Amerigo is a company with strong leverage to copper prices and the highest dividend yield in the sector at 8.5%, while shielding investors from the largest risk they take on when investing in the copper sector: Mining risk.
Amerigo produces copper without a copper mine: They recover copper from the waste stream of one of Chile’s largest copper mines, El Teniente.
El Teniente has over a 70 year history of reliable mining operations, and Amerigo simply processes the waste to recover the copper along with other metals like molybdenum. The copper concentrate produced is largely the same concentrate produced by traditional mining operations.
Amerigo isn’t a mining company, their core business proposition is a better analogy with a wastewater treatment company. The real differentiator is that a wastewater plant receives a flat fee, while Amerigo has full leverage to the copper price.
Amerigo has minimal sustaining capex requirements and therefore can focus on return of capital to shareholders. The company has three tools they utilize for their capital return policy: quarterly dividends, performance dividends and share buybacks.
Amerigo Resources’ unique value comes from its peer leading dividend yield and conservative balance sheet. Amerigo’s 8.5% dividend yield puts it ahead of all but
one of the highest yielding companies in the S&P 500 and well above TSX Index and
the TSX Dividend Aristocrats Index.
Amerigo’s yield is in-line with the average high yield bond, even though the company is in a net cash position, putting its credit quality far above the typical high-yield company.
While a debt holder has no upside except to be paid back once the bond matures, Amerigo stock holders are being paid 8.5% of their money back every year while still having upside to the price of copper.
If Amerigo generates additional cashflow, the company has historically returned most of it through a dividend increase or stock buyback, which we like.
Amerigo has set the dividend at a conservative level, that can be sustained in all but the most distressed copper price environments in our view.
Amerigo’s lack of production risk and industry leading dividend yield make it a very unique way to benefit from strong copper demand and prices. If Chile production disappoints, driving copper prices higher, Amerigo investors benefit. If production rebounds and prices fail to head higher, investors still are generating a very attractive 9% annual return from the dividend alone.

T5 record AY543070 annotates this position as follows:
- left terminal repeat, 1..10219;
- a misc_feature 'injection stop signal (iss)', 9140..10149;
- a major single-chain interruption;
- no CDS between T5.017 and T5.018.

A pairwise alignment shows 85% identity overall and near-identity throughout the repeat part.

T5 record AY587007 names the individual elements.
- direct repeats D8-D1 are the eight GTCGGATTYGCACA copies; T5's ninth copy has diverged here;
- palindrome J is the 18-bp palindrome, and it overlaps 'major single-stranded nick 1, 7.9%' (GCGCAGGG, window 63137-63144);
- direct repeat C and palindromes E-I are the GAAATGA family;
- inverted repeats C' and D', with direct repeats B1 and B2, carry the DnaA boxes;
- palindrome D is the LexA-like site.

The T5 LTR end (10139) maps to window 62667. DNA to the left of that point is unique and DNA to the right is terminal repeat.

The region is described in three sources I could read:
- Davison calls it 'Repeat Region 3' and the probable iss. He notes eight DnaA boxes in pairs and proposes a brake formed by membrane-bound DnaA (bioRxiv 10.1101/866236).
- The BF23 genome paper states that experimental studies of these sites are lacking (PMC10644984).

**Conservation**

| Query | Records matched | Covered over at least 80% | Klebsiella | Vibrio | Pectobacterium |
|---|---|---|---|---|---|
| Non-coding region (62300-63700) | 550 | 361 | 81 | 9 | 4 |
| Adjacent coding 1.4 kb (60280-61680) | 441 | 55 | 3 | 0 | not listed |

Amerigo is the only “non-mining” company with upside to copper prices, making it a truly unique vehicle for copper investors.
Hot Chili Limited (TSXV:HCH, ASX:HCH)
Hot Chili is one of those upstart copper players poised to replace supply from struggling Chilean mines.
We are highlighting the company due to its deep discount to the value of its major project, Costa Fuego, fully funded development and drill program, large resource and backing from mining giant Glencore.
Hot Chili’s Costa Fuego project is the third largest copper resource in Chile not owned by a major mining company. Costa Fuego is at a low elevation, close to the ocean for export, which means it has a cost advantage over other projects at higher elevations and with questionable water access.
Costa Fuego Resource vs Other Global Projects
The current preliminary economic assessment puts the post-tax net present value at US$1 billion at a copper price of $3.85/lb compared to a current market cap of only US$122 million.
And most mining analysts expect closer to $4.00/lb copper over the next five years. The upside potential from lagging supply is far higher than the downside, judging by the estimates below.
Analyst Expectations for Copper Prices
At a copper price of $3.85/lb, Hot Chili will be generating significantly more EBITDA and free cashflow than the market is currently giving them credit for.
Costa Fuego Copper Sensitivity
Hot Chili recently closed a royalty deal for US$15 million that will fund a 30,000 meter drill campaign plus operations for the next 12-18 months. The drill campaign could expand the resource at Costa Fuego and will be instrumental a coming resource estimate upgrade scheduled before the end of 2023.
Hot Chili owns one of the few projects ready to provide near term, large scale copper supply to a market that can’t get enough. Trading at a ~70% discount to the project based valuation of major mining peers, Hot Chili offers significant upside potential with a strong balance sheet and the backing of a major global mining operator.
The fact that a recent North American roadshow drove the stock up 25%, gives us confidence, Hot Chili is an underfollowed name among both mining and generalist investors, meaning it won’t take much good news to close the large valuation gap to other miners.
Hot Chili Trades at a ~70% discount to Peer Projects
The opinions provided in this article are those of the author and do not constitute investment advice. Readers should assume that the author and/or employees of Capital 10X hold positions in the company or companies mentioned in the article. For more information, please see our Content Disclaimer.